Meeting your children

I’ve been given an opportunity to get to know my daughter in a new way. She’s got a podcast.

She got laid off from her radio job because of the pandemic. Rather than wallow in self- pity, she pulled together a home studio for voiceover work. And that led to a podcast. She combined her knowledge of the music industry with that curious mind I’ve always loved, and the result is, well, enlightening when you’re her mom.

The first thing I learned is that I’d like her even if she weren’t my daughter. She’s smart, she’s funny, and she’s interested in things that I find fascinating.

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The similarities I’ve always noted between us extend to our preferred working styles. She’s a seat-of-the-pants flyer. She likes to come to interviews with an open mind and see where the conversation leads. I have also interviewed people for a living. That’s my style, too. It’s apparently bitten her in the butt, just as it did me on occasion, but it’s also led to some really surprising conversations.

Her chat with a bass player about an animated movie he really liked led to a deep examination of life and death. The episode with a record-label owner veered into not only the planned discussion of children, but a conversation about whether it is actually possible to change your essential nature.

Last night, the tables were turned, and my daughter was the one being interviewed on someone else’s podcast. The host of that podcast is a dear friend of mine, and it was delightful to listen in as my daughter and my friend got to know each other. It was a long, rambling, completely entertaining episode. The topics went everywhere: from podcasting to music, bands, the importance of friends, the future of the music industry, to mindfulness, to Taylor Swift.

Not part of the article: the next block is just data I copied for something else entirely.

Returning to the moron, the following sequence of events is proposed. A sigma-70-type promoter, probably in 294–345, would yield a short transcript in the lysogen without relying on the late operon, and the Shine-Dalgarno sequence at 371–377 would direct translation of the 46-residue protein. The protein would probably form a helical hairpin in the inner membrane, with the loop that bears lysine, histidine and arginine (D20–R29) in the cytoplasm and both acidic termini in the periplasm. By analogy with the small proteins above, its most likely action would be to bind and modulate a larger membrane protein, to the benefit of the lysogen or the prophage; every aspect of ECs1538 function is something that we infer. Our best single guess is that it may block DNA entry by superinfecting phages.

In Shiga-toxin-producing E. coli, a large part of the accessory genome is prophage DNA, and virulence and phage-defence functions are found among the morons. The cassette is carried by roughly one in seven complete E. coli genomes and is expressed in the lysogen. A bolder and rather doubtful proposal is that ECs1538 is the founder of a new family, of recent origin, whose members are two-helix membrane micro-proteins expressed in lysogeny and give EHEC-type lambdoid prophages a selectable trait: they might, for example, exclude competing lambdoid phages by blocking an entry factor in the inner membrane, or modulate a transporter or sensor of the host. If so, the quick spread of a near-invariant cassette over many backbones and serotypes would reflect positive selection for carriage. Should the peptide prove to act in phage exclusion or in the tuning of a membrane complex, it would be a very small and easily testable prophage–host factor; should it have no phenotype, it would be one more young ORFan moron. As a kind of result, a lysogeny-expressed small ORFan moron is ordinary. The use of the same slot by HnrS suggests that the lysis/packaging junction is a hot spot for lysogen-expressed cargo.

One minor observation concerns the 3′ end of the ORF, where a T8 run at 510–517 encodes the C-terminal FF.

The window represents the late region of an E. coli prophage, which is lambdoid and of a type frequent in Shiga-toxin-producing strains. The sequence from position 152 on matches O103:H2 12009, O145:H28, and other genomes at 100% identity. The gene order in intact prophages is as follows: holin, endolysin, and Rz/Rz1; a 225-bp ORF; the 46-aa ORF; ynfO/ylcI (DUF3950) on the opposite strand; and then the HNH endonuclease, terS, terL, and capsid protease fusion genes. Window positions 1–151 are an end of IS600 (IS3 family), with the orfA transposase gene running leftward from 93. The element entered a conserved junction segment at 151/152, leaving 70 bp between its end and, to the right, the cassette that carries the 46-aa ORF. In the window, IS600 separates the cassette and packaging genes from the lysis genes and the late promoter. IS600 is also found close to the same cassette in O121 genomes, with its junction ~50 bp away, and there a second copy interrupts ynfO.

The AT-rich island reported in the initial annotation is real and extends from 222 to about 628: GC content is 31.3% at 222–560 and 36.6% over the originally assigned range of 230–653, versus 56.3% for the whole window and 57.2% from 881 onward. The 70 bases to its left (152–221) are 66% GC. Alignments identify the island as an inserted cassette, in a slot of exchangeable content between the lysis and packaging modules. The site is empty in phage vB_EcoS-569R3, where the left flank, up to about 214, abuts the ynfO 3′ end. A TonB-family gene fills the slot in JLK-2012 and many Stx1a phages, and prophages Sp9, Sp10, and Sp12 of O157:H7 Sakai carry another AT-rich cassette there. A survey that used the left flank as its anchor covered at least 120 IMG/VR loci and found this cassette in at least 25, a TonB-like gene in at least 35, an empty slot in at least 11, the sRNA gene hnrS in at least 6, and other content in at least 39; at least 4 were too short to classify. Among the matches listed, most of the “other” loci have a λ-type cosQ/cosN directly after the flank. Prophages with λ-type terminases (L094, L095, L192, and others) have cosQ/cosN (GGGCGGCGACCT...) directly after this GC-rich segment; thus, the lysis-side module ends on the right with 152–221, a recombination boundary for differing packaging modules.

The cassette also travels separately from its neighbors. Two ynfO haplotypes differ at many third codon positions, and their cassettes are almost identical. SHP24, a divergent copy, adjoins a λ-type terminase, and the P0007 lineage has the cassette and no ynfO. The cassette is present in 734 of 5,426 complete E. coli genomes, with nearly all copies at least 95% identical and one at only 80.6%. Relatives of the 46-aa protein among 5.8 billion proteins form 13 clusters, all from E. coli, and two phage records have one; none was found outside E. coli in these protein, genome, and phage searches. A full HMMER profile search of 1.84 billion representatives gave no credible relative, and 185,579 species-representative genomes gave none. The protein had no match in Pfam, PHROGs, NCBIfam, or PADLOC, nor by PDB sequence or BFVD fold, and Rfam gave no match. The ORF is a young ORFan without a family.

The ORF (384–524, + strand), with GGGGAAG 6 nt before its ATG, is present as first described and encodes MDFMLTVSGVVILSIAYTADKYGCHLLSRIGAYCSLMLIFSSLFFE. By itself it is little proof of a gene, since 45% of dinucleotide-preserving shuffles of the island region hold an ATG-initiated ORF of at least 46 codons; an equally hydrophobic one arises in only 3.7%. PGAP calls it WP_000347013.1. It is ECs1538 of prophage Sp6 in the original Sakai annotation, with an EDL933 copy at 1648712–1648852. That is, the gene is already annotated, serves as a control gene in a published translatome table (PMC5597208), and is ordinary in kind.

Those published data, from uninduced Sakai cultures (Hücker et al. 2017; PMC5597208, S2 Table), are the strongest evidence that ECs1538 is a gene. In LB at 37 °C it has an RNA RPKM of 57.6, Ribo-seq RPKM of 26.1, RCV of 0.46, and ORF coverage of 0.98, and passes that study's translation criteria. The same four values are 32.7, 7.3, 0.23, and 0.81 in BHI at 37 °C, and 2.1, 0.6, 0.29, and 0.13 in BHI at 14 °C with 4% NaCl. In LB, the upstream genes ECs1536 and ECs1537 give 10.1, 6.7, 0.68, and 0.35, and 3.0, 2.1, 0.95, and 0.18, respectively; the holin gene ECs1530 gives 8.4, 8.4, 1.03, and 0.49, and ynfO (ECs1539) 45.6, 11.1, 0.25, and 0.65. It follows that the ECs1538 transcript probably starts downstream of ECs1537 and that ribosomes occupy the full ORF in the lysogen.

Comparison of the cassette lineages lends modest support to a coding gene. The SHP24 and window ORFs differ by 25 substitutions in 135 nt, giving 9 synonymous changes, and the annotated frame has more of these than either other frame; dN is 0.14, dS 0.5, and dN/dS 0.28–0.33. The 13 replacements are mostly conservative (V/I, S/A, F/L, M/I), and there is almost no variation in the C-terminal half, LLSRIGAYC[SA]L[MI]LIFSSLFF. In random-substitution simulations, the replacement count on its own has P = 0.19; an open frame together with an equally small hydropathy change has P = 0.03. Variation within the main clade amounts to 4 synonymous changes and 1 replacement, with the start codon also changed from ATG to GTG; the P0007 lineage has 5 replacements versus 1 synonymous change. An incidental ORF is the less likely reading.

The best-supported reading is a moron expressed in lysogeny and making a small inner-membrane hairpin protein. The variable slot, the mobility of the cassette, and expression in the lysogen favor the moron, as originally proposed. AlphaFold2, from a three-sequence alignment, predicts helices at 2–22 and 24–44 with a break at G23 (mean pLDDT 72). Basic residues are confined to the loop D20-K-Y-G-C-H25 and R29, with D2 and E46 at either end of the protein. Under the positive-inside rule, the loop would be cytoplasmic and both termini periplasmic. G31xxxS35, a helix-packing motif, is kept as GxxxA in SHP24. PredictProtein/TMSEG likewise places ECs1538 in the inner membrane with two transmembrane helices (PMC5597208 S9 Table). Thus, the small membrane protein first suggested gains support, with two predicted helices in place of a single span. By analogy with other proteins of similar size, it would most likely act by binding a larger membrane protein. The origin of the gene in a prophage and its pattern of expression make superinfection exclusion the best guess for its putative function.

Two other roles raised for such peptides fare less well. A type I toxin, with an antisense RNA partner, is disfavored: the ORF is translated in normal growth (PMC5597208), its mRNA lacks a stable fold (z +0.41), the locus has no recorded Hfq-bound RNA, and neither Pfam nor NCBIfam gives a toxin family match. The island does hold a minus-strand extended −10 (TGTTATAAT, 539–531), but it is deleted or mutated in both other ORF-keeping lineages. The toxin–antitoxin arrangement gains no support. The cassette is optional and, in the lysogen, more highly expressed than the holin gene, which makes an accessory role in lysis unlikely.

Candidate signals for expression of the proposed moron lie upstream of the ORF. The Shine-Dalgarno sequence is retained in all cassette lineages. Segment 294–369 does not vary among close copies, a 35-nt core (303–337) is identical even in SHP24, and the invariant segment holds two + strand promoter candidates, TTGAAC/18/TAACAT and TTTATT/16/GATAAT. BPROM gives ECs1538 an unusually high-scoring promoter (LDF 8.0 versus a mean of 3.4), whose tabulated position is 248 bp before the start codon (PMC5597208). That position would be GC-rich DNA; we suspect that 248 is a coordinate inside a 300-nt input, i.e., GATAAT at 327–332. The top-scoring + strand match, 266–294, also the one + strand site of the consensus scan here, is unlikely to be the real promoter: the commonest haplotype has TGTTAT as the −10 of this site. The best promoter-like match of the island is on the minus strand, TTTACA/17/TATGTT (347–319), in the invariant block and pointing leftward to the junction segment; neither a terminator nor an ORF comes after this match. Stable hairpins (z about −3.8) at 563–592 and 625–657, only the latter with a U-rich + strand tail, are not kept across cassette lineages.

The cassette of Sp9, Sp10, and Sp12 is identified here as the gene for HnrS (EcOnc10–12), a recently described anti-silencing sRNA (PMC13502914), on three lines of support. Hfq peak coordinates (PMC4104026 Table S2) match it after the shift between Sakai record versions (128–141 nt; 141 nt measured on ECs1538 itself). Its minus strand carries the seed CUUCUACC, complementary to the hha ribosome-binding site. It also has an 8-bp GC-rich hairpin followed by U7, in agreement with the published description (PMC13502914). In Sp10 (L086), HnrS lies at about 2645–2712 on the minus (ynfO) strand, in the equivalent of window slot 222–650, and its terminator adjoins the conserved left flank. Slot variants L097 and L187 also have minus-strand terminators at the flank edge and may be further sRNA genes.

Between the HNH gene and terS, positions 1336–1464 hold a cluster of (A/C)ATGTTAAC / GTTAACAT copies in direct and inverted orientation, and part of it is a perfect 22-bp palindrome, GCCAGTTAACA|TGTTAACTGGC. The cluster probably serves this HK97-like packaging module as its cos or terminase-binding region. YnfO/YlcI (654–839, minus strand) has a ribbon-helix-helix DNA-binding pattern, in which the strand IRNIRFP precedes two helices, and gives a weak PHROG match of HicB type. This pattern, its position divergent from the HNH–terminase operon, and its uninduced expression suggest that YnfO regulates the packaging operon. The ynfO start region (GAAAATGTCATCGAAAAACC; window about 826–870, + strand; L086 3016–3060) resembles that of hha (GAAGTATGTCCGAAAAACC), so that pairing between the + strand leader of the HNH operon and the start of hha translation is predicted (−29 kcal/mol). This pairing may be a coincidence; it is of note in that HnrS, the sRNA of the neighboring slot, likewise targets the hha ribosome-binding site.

I sat and worked on a jigsaw puzzle while I listened, and I found myself feeling like a very contented fly on a wall. I learned a few things about the woman who is my daughter. I heard things I knew but had forgotten. She talked about values and sexism and the importance of authenticity. She sounded like my favorite kind of people.

She’s a force, that girl. I’m lucky to know her.

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Read more installments of Village Voices by Susan Barnett.

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